the relevant pathophysiological interdependence between obesity, metabolic syndrome and OSAS.

Keywords: obstructive sleep apnea syndrome, extrinsic allergic alveolitis, metabolic syndrome

Relationship between obstructive sleep apnea syndrome and metabolic syndrome in a patient with chronic extrinsic allergic alveolitis

A rare genetic cause of bronchiectasis

Victor Botnaru, Oxana Munteanu, Svetlana CemÓrtan, Doina Rusu, Rodica Selevestru
A rare genetic cause of bronchiectasis
Bronchiectasis, defined as an abnormal and irreversible dilatation of the bronchi, frequently associated with inflammation, is the most common complication of recurrent infections. Effective pulmonary immunity is necessary to prevent chronic bronchial damage due to bacterial infection.
Primary immune deficiencies comprise a heterogeneous group of genetically determined disorders that affect development and/or the function of innate or adaptive immunity. In multiple series reported in literature, common variable immunodeficiency (CVID), X-linked agammaglobulinemia (XLA) and chronic granulomatous disease (CGD) were the most common forms of
primary immune deficiencies (PIDs) associated with bronchiectasis(1,15). Despite advances in the molecular knowledge of PIDs during the past two decades, there are many undiagnosed or late diagnosed patients(6,14). We report a case of Bruton's disease late diagnosed, already with bronchiectasis, with an early onset of recurrent respiratory infections.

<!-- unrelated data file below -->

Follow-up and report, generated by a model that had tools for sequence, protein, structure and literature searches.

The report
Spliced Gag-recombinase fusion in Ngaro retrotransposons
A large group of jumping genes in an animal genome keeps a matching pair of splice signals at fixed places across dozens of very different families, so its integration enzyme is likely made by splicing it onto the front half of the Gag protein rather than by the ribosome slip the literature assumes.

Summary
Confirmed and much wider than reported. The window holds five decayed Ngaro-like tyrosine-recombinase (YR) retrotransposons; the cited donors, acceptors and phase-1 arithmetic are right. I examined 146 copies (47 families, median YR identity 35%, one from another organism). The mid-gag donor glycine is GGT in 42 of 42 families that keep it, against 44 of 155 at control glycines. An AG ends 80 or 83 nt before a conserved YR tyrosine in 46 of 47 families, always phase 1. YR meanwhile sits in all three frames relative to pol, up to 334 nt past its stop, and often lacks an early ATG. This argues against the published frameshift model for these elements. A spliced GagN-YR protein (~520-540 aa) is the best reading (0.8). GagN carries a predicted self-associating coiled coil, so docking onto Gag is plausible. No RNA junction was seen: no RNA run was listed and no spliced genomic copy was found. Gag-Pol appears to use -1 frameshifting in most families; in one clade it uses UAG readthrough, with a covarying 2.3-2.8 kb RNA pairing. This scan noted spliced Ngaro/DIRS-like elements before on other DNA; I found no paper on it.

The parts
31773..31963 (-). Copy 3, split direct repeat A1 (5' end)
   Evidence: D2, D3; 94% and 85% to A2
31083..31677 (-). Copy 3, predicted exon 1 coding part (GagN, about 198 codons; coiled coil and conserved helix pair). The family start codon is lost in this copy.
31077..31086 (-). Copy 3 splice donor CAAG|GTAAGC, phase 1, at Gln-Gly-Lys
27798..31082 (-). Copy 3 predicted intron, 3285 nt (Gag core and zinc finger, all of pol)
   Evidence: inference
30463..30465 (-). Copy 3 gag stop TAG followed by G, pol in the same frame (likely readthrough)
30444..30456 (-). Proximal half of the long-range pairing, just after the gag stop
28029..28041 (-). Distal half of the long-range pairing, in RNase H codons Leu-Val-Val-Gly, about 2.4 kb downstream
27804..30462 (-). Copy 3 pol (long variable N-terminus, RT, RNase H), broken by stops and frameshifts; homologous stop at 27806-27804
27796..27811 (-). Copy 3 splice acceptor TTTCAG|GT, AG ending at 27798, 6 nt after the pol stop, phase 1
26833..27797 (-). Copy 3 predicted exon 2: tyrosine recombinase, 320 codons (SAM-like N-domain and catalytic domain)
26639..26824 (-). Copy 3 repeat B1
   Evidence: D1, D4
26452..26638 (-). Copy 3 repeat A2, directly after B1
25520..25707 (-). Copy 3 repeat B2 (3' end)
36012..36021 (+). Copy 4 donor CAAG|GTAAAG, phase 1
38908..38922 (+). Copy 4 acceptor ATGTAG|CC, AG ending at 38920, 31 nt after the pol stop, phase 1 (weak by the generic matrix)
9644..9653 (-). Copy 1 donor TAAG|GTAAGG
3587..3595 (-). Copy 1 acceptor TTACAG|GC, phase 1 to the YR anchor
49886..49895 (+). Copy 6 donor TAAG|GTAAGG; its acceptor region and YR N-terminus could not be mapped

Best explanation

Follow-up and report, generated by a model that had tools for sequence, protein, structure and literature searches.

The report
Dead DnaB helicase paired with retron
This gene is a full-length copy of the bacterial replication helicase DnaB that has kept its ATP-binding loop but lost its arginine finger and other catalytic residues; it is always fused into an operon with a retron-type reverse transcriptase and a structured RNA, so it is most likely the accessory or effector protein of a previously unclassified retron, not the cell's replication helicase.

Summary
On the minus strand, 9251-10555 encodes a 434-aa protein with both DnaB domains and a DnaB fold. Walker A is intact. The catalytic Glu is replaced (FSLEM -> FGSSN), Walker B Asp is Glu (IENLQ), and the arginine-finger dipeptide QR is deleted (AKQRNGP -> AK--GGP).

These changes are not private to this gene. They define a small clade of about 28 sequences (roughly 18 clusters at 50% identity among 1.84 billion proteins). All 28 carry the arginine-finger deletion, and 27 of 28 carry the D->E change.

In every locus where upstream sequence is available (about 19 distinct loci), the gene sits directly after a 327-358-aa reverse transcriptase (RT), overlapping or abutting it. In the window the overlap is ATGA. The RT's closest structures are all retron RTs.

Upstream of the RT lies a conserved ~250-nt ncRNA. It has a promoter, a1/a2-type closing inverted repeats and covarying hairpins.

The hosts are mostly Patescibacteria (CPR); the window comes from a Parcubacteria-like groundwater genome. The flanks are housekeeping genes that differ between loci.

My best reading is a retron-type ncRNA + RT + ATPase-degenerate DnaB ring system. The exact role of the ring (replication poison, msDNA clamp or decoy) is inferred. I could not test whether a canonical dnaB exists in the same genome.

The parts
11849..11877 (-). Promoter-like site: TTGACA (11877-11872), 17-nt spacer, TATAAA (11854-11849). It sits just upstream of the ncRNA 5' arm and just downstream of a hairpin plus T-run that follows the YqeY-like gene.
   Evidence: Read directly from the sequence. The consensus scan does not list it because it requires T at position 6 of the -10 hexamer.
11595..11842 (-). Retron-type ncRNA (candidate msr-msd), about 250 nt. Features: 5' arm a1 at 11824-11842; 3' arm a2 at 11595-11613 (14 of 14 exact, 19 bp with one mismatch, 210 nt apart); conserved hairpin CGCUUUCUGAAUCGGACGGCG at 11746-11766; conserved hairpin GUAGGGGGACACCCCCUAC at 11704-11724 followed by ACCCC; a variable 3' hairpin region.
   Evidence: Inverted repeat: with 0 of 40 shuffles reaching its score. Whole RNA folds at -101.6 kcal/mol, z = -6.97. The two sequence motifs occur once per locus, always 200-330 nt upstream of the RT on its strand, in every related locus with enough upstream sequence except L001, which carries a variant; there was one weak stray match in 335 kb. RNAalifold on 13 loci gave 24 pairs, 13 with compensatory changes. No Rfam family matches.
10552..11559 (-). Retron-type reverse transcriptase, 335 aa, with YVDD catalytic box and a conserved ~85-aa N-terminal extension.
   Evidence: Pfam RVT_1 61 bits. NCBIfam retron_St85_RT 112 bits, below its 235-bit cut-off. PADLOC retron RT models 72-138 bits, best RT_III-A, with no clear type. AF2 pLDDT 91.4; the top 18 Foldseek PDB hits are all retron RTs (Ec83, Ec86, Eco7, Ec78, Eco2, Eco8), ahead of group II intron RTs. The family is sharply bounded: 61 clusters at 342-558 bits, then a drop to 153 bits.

Keywords: X-linked agammaglobulinemia, Bruton's disease, primary immunodeficiency, bronchiectasis

Hypoventilation improvement in an adult non-invasively ventilated patient with Rapid-onset Obesity with Hypothalamic Dysfunction Hypoventilation and Autonomic Dysregulation (ROHHAD)

Alessandro Graziani, Pierpaolo Casalini, Federica Mirici-Cappa, Giuseppe Pezzi, Francesco Giuseppe Stefanini
Hypoventilation improvement in an adult non-invasively ventilated patient with Rapid-onset Obesity with Hypothalamic Dysfunction Hypoventilation and Autonomic Dysregulation (ROHHAD)
Rapid-onset Obesity with Hypothalamic Dysfunction, Hypoventilation, and Autonomic Dysregulation (ROHHAD) is a rare disease of unknown etiology, characterised by rapid-onset obesity in young children, hypoventilation, hypothalamic and autonomic dysfunction. Patients between the ages of 2 and 4 present with hyperphagia and weight gain, followed by neuro-hormonal dysfunction and central hypoventilation months or
years later. Cardiac arrest may represent the fatal complication of alveolar hypoventilation and early mechanical ventilation is essential for the patient's life. In this paper, we describe a 22-year-old patient with ROHHAD syndrome who had an acute respiratory failure during nocturnal non-invasive ventilation (NIV).

Keywords: rapid-onset obesity with hypothalamic dysfunction, hypoventilation, and autonomic dysregulation (ROHHAD), non-invasive ventilation, respiratory failure